Now is it the case that the problem of the connectome is of this kind? A classical counter-argument to connectomics is the case of C Elegans. That worm has 307 neurons and its connectome has been completely mapped in the 80s. While it's certainly a useful resource in that field, it is fair to stay that we still don't understand much how that nervous system works. One classical reply is that in C. Elegans, it is notoriously difficult to do electrophysiology and so we don't even know the sign of the connections (excitation or inhibition). Fair enough. But let us say we do know the sign. Would that solve the problem? Let us move the mammalian cortex. A pyramidal cell has on the order of 10,000 synapses. Is it possible to infer the dynamics of a cortical network from the connections? In fact, it has been shown that in pyramidal cells, there is a tight dynamic balance between excitatory input and inhibitory input, and without it neurons would fire regularly, instead of irregularly as they do. It has also been found that there are mechanisms that maintain this balance (synaptic and homeostatic plasticity). But by just looking at the connectome, you would not see that. You would see that a pyramidal cell has 4 times more excitatory inputs than inhibitory inputs. If you tried to measure synaptic strengths, this would also not be sufficient, because you need a very high precision in the balance, which needs to be achieved for in vivo situation that takes into account all elements of structure. This is just an example, but the point is that these principles of organization do not emerge from just looking at the structure (and in this case it would not even help), but by directly investigating those principles as such.

In summary, the limiting factor in our understanding of the brain is not so much a more detailed description of structure, but rather a deeper understanding of the organizational principles of the nervous system, and this won't be provided by electron microscopy.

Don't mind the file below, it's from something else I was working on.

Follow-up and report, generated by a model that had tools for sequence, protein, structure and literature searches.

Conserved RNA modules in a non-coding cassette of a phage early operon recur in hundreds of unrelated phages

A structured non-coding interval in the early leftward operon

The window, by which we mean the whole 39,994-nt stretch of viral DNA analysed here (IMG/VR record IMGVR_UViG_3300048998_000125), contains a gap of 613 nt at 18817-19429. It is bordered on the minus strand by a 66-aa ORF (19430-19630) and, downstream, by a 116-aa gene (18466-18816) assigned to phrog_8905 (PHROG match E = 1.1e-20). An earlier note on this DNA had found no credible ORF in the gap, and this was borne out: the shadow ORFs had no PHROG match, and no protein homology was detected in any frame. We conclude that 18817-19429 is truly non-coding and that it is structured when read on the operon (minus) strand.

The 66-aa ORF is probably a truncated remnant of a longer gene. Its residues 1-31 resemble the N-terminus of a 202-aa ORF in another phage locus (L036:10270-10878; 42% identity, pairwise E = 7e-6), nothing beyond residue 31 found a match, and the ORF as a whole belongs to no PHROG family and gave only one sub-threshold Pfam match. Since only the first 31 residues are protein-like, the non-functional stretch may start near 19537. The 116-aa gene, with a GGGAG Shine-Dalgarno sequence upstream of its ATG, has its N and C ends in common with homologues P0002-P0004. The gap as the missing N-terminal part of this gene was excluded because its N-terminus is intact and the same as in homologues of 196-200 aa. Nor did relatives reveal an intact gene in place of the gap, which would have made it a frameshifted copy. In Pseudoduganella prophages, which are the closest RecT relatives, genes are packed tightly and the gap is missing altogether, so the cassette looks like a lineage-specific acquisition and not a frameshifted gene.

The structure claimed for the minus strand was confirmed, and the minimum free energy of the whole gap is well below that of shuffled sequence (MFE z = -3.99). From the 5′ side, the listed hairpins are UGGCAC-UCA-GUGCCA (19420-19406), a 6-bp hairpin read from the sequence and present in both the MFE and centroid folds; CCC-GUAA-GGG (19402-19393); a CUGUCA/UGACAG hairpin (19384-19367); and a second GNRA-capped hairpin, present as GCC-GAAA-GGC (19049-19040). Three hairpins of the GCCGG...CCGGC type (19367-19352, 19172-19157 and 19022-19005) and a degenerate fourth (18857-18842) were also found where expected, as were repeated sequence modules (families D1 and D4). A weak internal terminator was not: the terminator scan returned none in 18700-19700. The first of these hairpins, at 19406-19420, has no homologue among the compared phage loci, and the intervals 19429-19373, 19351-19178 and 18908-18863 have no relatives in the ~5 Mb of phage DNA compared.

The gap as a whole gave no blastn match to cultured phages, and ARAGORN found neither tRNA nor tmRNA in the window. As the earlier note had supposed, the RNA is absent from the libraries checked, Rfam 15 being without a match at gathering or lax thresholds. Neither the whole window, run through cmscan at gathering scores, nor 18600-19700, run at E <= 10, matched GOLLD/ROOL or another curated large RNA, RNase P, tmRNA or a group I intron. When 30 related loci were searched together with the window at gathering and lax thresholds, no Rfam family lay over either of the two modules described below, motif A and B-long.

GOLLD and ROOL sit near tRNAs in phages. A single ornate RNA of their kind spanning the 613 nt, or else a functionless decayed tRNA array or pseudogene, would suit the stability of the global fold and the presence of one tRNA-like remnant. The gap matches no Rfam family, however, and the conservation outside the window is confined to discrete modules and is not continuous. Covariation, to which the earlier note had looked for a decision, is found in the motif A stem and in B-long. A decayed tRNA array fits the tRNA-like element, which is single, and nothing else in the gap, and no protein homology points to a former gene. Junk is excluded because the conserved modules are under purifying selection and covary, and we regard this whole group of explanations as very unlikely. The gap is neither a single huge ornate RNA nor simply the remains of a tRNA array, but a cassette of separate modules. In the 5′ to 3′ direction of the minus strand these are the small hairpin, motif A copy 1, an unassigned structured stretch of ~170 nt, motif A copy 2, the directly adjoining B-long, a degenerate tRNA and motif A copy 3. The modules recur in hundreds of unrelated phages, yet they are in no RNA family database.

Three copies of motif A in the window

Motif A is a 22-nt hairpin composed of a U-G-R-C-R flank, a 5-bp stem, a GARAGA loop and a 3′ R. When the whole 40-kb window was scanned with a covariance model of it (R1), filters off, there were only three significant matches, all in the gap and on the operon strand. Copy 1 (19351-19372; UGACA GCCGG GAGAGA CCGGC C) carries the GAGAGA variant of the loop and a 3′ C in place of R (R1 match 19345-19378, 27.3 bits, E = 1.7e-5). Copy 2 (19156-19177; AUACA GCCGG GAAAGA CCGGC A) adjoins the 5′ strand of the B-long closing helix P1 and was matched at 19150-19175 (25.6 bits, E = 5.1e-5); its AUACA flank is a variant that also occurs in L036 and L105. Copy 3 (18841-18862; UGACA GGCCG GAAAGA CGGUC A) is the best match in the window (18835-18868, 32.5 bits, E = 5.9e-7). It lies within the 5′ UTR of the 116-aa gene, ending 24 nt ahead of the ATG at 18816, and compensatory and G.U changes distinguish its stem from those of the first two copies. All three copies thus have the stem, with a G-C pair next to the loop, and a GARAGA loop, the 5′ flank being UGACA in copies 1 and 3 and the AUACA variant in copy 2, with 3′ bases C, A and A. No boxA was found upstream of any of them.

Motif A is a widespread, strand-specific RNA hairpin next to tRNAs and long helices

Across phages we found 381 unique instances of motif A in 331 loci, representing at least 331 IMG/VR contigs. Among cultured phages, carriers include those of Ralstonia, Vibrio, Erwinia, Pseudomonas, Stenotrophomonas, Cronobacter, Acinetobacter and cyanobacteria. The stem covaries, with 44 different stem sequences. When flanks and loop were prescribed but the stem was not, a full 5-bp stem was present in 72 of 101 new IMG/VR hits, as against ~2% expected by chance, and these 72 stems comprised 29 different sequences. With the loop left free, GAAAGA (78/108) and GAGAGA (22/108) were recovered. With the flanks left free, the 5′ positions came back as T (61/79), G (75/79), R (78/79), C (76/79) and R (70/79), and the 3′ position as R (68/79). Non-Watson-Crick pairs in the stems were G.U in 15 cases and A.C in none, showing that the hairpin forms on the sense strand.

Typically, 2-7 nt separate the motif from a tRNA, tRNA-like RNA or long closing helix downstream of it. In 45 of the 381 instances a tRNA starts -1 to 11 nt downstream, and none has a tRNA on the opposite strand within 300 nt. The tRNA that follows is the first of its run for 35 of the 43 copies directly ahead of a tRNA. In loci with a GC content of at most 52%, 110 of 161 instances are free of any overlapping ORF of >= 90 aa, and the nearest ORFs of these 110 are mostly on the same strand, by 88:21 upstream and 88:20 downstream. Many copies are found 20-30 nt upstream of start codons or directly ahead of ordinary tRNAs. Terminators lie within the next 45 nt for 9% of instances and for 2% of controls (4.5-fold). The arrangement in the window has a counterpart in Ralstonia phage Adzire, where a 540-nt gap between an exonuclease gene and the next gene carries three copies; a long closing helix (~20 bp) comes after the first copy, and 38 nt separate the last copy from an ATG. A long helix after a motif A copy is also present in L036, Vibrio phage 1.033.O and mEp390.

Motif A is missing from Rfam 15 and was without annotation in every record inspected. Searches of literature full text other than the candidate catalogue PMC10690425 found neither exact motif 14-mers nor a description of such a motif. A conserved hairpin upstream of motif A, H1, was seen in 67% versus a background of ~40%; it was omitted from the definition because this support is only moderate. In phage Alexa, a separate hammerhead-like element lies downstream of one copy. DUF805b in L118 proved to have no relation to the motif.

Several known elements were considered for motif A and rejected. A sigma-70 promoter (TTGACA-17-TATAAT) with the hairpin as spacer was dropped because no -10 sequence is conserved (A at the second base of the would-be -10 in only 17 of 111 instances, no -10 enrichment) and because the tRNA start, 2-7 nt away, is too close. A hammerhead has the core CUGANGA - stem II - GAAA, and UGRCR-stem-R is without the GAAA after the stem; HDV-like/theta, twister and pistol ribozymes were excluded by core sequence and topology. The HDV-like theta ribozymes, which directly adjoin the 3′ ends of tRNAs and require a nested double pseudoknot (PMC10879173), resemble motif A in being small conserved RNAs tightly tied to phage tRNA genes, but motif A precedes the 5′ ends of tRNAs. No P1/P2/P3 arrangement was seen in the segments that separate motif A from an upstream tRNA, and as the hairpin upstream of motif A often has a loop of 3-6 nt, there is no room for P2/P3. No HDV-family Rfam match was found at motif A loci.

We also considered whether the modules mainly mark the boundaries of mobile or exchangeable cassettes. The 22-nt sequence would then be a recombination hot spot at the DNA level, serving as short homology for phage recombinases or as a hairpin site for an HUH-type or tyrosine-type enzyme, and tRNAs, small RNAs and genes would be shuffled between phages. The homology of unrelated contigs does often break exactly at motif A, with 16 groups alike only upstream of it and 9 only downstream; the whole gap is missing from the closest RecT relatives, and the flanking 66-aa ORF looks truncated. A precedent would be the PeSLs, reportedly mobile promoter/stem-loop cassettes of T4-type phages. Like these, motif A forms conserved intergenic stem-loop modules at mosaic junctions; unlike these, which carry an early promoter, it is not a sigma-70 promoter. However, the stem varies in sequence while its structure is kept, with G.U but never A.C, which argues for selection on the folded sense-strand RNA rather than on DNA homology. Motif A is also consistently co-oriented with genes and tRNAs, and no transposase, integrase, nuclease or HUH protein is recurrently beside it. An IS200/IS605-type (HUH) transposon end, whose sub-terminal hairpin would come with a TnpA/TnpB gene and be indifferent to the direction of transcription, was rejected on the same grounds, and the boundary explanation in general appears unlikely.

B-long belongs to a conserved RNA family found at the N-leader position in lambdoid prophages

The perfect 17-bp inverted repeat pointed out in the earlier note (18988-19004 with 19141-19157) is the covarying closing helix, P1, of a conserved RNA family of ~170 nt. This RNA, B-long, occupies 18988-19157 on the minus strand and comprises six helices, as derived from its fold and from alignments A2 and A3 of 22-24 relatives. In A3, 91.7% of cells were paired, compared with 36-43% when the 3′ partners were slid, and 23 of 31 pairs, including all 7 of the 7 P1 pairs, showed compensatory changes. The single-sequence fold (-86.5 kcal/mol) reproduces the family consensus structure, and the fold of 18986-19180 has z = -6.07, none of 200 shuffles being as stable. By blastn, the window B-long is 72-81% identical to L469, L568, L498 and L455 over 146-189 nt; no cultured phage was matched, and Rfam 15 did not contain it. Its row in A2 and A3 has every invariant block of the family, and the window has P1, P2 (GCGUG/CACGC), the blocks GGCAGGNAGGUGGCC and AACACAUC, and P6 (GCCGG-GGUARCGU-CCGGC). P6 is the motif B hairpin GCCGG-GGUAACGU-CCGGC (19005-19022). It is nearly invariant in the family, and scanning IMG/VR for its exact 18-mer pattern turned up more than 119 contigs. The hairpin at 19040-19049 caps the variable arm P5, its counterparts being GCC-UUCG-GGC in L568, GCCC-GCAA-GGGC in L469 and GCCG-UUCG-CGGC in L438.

Notes on consciousness. (VI) The hard problem of consciousness explained with sex

By using the word “sex” in the title, I am obviously trying to increase the number of my readers. But not only. I noticed that many people, in particular scientists, do not seem to get why there is a problem at all. Philosophers like to refer to the experience of color, and the question is then: why is it that red feels like red, and not like something else, and why does it feel like anything at all? Why is it not just information as it is for a computer, why does the experience have a particular quality? Somehow this example does not speak to everyone, so I came with another example: why is it that sex is associated with pleasure, in particular, why is male ejaculation generally associated with orgasm?

You will hear several kinds of explanation. One might tell you: your body secretes some particular molecules at that moment, or some particular neuron gets excited, and that's what produces the sensation of pleasure. But of course, this explanation just pushes the problem a little further, by replacing “ejaculation” by “molecule” or “neuron”. Why is it that a particular molecule produces pleasure? Certainly, when it is not in the brain, the molecule does not provide pleasure to a Petri dish.

Another kind of explaining away is the functionalist or behaviorist view: if everything appears the same from an external observer point of view, then it is the same; there is nothing more than what can be seen. In other words, male orgasm is the act of ejaculating, end of the story. But sex does not fit so well with that view. First, it is well known that female orgasm can be faked; second, male orgasm can be dissociated from ejaculation (in tantric sex).